The SNL Shorts: Part 1 - The Beginning of Creative Anarchy

That's how I make my day better, at least for a few minutes at a time when I can steal them from the crushing ennui. I watch the SNL Digital Shorts.
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If there is anything worse than being unemployed, it's being trapped in a terrible job and having to remind yourself that you're lucky to have one at all, even if it means driving for over an hour in traffic with a knot in your stomach and a lump in your throat twice a day, five days a week, then spending the day convincing yourself that you're not alone in this toilety economy. And, in my case, taking a few minutes to sob about it all in the ladies' room.

But at least there's "Dick in a Box."

What? Oh, yes -- that's how I make my day better, at least for a few minutes at a time when I can steal them from the crushing ennui. I watch the SNL Digital Shorts.

I've always felt like Saturday Night Live's video sketches had a sense of creative anarchy about them, like some punks lifted a camera, busted out to film something, then brought it back and said, "Look what we did while you were working, suckers!" Not just for the current shorts, but going back to the show's first season. Gary Weis, the second SNL filmmaker after Albert Brooks, told me that when he was hired by his friend Lorne Michaels, he was given free reign over his films and "freedom to do what he wanted" with little censorship. Tom Schiller, who succeeded Weis in 1977, looks back on his time at SNL "as a 'golden period,' when I experimented and made, with a lot of creative freedom, my early short films." It's pretty clear that a great deal of creative freedom has been granted to The Lonely Island boys, Andy Samberg, Jorma Taccone and Akiva Schaffer, or else we would have never been treated/subjected to "Laser Cats." (One vote for "treated.") Maybe it's living vicariously through that anarchy that cures my work ills, since I am seriously on the verge of gutting a fish on my desk.

But from what did the SNL Digital Shorts evolve?

Brought on as a "new, hip Charles Kuralt," Gary Weis' films all had a "truthy" feel to them, meaning that they weren't necessarily out for laughs, but offered up material from real people that couldn't have been scripted, like Andy Warhol staple Taylor Mead talking to his cat. (Maybe you've never heard of "Taylor Mead's Ass." Well, now you have. You're welcome.) While Weis was not out to deliver sketch comedy, his short Beatles-inspired mockumentary about "The Rutles" with Eric Idle prompted a full-length version called "All You Need Is Cash." Yes, comedy nerds -- Monty Python and the Not Ready for Primetime Players actually joined forces at one point. And I own it on DVD. Jealous?

Tom Schiller, on the other hand, had an entirely different MO. While he was part of the original writing staff and made occasional appearances on camera, Schiller was always a filmmaker by trade and wanted to make "miniature movies," he says. "I wanted to create stylized short films that had the atmosphere of my favorite directors," including foreign directors Federico Fellini and Francois Truffaut, as well as vintage American films. While Weis' films found humor in truth and reality, "Schiller's Reels" were an escape from format and, sometimes, the present. Produced specifically to stand out from the rest of the show, they were often shot with an old-fashioned feel, in black and white or intentionally scratchy. He also put the show's then-rising stars in roles the audience had never seen them in before, like John Belushi as an old man, dancing (sadly, ironically) on the graves of his predeceased castmates, Gilda Radner lamenting the woes of fame, and Bill Murray as a bum-turned-Shakespearean actor. (Though he actually did become a Shakespearean actor in Hamlet.)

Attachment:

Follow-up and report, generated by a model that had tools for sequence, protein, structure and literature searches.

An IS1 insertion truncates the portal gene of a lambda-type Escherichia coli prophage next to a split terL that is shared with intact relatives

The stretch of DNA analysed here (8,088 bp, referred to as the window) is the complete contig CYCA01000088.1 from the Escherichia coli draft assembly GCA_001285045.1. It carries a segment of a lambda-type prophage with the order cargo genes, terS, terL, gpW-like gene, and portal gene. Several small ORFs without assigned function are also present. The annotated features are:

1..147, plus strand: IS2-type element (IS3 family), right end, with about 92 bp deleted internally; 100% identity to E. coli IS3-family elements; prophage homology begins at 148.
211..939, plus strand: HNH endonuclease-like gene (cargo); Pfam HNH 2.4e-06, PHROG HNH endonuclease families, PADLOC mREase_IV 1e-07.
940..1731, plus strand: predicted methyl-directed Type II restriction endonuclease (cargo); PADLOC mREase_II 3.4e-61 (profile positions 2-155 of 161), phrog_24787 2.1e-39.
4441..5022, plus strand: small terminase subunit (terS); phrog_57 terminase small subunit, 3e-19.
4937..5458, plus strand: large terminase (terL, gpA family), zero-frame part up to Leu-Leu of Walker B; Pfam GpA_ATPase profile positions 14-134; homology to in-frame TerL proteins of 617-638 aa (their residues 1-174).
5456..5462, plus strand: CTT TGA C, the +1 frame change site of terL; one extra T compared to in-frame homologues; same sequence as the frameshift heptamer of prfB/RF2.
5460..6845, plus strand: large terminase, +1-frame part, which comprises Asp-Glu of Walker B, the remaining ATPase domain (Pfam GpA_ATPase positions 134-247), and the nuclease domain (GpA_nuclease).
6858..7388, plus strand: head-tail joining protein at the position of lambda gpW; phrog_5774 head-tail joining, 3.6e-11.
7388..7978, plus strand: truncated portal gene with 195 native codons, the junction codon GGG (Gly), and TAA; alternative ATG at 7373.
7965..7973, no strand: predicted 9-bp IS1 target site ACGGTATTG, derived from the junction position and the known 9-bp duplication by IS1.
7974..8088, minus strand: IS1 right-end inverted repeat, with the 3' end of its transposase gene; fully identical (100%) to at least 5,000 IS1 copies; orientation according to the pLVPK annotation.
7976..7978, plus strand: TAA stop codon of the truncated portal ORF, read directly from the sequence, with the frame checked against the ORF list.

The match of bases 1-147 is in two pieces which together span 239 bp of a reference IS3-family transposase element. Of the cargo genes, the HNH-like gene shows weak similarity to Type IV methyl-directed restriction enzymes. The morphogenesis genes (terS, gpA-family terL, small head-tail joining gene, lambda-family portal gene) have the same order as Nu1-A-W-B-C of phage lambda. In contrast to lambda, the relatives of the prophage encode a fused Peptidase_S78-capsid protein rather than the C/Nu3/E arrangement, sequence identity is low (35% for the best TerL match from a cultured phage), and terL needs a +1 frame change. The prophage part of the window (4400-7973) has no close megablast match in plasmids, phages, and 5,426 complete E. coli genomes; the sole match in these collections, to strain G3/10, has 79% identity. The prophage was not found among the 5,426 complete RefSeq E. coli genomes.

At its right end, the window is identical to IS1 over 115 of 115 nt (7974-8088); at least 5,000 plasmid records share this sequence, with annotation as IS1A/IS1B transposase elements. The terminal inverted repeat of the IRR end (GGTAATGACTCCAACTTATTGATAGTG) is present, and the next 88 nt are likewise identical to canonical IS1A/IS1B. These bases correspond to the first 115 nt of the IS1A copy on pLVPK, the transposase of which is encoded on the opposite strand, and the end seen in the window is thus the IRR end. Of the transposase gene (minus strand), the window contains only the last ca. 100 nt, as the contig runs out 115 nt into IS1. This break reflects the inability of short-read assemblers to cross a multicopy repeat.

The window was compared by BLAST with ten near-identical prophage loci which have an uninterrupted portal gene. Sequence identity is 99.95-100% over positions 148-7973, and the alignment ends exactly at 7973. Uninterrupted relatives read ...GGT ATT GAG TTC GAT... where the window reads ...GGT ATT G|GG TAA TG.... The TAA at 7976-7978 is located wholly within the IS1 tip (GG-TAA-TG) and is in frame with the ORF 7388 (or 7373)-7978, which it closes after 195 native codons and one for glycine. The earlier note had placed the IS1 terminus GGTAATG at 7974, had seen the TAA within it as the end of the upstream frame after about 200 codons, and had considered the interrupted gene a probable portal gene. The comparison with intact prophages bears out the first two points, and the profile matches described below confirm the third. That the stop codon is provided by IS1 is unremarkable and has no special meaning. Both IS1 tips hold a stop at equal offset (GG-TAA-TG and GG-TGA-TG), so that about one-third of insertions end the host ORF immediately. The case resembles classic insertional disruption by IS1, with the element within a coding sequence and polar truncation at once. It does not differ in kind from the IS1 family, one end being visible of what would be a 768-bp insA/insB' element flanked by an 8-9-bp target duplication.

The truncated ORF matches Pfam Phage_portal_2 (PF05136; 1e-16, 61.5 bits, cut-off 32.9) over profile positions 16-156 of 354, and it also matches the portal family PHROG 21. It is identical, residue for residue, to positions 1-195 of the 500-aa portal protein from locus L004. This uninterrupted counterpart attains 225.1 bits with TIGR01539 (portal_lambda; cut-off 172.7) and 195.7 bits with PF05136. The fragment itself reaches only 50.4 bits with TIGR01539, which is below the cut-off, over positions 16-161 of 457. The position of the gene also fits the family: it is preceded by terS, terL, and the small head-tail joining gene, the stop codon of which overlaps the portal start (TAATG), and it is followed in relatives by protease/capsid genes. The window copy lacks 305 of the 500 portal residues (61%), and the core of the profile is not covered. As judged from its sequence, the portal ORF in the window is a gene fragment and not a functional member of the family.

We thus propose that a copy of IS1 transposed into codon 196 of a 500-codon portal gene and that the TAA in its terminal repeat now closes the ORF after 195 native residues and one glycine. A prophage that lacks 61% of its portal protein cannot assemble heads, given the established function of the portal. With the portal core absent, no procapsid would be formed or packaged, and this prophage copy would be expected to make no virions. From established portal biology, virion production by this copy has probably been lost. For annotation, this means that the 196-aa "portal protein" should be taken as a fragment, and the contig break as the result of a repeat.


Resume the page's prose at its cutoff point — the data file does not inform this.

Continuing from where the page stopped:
Schiller's Reels and later Schillervision served to buck conventional sketch comedy temporarily and hijack other genres, which makes them comparable to TLI's Digital Shorts. While some of the best Digital Shorts are pretty traditional commercial parodies ("Lettuce," for example, which is so great because it's played so incredibly straight), the most memorable ones do what Schiller's Reels did and take over genres, in their case, music videos.

One rule I learned from writing sketch comedy was "In this dimension, this is how this happens." In our current dimension, there was Color Me Badd. In the dimension created by TLI, Color Me Badd sang, with just as much sincerity and without a hint of tongue in cheek, about putting their cocks in gift-wrapped cardboard boxes. Why? Because they can. TLI wanted to take Color Me Badd, lift the tactful veil of cheesy lyrics and put it out there -- these guys want to show girls their junk. But besides creative anarchy, both Schiller and TLI fulfill artistic desires. I know I've always wanted to be shot in grainy black and white. And I know I've always wondered if I could do a rap video. I probably have no business doing either, and, really, do these other suburban white kids? Who cares? They can. And they did. (And so did I.) And some of you probably wish you could, too.

What all of these SNL filmmakers have in common is storytelling. We tell stories to entertain ourselves, maybe distract ourselves, and some of us want to tell stories for a living because we know how much people love it. And need it, especially right now.

And nowadays, we can all see so much more of it, whenever we want.

For your viewing pleasure:

"Dick in a Box"

And Tom Schiller's "The Acid Generation: Where Are They Now?":

Tomorrow: Going Viral and Feature-Length

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